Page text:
Johnny Miller’s Thoughts on Young Talent
I saw Johnny Miller on “The Morning Drive” today, I know it is popular to trash the guy for being over the top in his color commentary on NBC. But, I have to admit I can sincerely appreciate his insights on golf and golf history.
I used to share the sentiment that he was a bit much, but recently I find his opinions interesting. Johnny Miller had an amazing career and I think most people forget his accomplishments. It was pointed out by Eric Kuselius that Johnny Miller had 18 wins on Tour before the age of 30. I have to admit that I didn’t realize just how prolific Johnny Miller was at such a young age.
The discussion today mostly revolved around the question of young players on the PGA Tour, Eric mentioned that Dustin Johnson led the players under 30 with wins at 4. This is incredible given some of the young talent we have on the PGA Tour these days. Dustin Johnson, Hunter Mahan, Jeff Overton, Camilo Villegas, Bill Haas and Rickie Fowler, just to name a few.
Johnny was asked this very question, he was then asked why he was able to win so much at a young age and these young guys today aren’t. It was interesting because Johnny immediately began defending his era as being just as tough to play in. He pointed out that he had Watson, Nicklaus and Trevino to deal with.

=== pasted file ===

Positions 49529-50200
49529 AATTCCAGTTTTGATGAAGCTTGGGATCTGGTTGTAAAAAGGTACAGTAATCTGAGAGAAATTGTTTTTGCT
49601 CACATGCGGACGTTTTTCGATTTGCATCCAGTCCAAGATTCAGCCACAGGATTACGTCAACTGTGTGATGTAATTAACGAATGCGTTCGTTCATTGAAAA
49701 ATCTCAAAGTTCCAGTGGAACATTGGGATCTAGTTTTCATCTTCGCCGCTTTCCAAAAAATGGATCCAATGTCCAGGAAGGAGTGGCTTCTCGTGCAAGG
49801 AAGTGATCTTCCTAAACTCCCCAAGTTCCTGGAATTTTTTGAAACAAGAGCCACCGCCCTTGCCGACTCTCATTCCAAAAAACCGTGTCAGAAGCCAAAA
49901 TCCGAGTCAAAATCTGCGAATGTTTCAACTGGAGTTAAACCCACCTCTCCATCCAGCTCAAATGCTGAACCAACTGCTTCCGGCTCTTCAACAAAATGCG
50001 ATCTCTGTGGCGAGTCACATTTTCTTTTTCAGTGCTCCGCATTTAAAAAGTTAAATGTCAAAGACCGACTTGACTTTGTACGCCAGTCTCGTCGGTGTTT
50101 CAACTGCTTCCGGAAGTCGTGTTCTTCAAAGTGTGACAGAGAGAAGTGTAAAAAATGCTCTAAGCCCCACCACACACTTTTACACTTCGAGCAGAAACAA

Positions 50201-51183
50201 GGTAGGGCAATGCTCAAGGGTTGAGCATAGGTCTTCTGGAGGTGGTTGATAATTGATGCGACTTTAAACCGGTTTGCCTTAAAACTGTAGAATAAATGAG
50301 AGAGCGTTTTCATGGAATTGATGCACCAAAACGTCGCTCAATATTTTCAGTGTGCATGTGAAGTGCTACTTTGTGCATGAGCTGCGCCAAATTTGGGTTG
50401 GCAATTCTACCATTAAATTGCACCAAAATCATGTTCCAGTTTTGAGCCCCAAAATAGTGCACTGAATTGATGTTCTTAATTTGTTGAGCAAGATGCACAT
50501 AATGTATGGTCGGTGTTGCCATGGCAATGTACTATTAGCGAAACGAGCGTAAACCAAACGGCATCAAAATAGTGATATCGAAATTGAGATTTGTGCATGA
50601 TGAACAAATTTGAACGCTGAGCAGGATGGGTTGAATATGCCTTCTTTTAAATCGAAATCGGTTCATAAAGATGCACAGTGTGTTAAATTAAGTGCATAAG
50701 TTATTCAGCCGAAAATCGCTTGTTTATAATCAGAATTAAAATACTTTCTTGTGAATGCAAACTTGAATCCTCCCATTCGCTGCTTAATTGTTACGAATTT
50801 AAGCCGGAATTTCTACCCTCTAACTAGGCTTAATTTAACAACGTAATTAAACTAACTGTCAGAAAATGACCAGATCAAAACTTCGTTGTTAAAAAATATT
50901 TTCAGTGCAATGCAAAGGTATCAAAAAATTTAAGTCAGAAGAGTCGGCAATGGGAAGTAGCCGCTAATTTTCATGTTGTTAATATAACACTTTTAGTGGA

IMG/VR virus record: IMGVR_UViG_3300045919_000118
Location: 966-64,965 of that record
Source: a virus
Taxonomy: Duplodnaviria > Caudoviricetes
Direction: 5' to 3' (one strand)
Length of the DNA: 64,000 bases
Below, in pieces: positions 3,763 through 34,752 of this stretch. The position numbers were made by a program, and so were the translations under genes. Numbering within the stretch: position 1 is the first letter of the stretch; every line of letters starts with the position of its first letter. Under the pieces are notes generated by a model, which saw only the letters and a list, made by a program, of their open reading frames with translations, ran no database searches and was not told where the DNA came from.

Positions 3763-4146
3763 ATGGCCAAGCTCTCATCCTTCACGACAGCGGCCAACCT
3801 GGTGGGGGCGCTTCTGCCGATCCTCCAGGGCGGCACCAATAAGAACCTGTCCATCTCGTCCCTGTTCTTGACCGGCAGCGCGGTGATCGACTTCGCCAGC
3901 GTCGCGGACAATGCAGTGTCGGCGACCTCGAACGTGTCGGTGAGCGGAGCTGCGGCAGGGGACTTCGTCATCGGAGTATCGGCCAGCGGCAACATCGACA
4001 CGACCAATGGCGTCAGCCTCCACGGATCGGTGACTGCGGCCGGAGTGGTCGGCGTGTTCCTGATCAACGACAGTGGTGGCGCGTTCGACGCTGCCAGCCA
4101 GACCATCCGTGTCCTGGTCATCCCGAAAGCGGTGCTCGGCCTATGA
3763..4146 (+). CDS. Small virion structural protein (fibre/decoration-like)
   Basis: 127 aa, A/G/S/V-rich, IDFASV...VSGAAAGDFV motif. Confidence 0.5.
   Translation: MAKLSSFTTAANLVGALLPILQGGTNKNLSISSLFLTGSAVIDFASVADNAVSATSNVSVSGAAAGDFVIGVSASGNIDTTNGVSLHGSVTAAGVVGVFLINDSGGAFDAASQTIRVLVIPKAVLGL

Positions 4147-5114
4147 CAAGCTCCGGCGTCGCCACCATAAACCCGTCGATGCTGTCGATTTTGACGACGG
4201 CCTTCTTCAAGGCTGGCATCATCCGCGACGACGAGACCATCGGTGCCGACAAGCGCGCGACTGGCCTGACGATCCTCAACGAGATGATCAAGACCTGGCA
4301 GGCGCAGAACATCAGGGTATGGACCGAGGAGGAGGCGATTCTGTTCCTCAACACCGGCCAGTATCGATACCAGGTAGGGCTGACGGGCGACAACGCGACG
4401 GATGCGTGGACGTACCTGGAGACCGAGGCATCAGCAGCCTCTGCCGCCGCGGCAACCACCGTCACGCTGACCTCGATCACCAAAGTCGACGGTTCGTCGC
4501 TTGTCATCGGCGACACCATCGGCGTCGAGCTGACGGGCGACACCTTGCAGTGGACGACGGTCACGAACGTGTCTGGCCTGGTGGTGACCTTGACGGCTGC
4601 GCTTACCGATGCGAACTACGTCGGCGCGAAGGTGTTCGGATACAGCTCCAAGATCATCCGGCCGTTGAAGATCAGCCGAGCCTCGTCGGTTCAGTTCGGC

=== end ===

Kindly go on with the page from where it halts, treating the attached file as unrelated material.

The reason it was interesting was because Eric hadn’t posed the question in a way that was meant to stir up the “which era was tougher” discussion, but Johnny felt he needed to defend his era, the 1970s, anyway.
After he defended the 70s, he went on to point out that so many of these young players have a hard time closing. I have to admit, I agree at least a little bit. He went on to say a lot of guys are “winning by mistake almost”. This comment coming just two days after Gary Woodland won the Transitions after his co-leader, Under 30 Webb Simpson made bogy on 18 to miss a playoff.
So, what is it? Why aren’t these young guys winning more?
I think that there are too many great young players and only so many tournaments to go around. This would fly in the face of the argument that the 70s were just as tough as today and I’m fine with that. I don’t think there has ever been a deeper week to week field on the PGA Tour than there is today. The Tiger Effect is in full reverb and the age of the Elite Athlete in Golf has arrived.
What do you think?
Is the talent deeper today than it was in the 70s?
Is the talent so deep we’ll never see a dominant player again?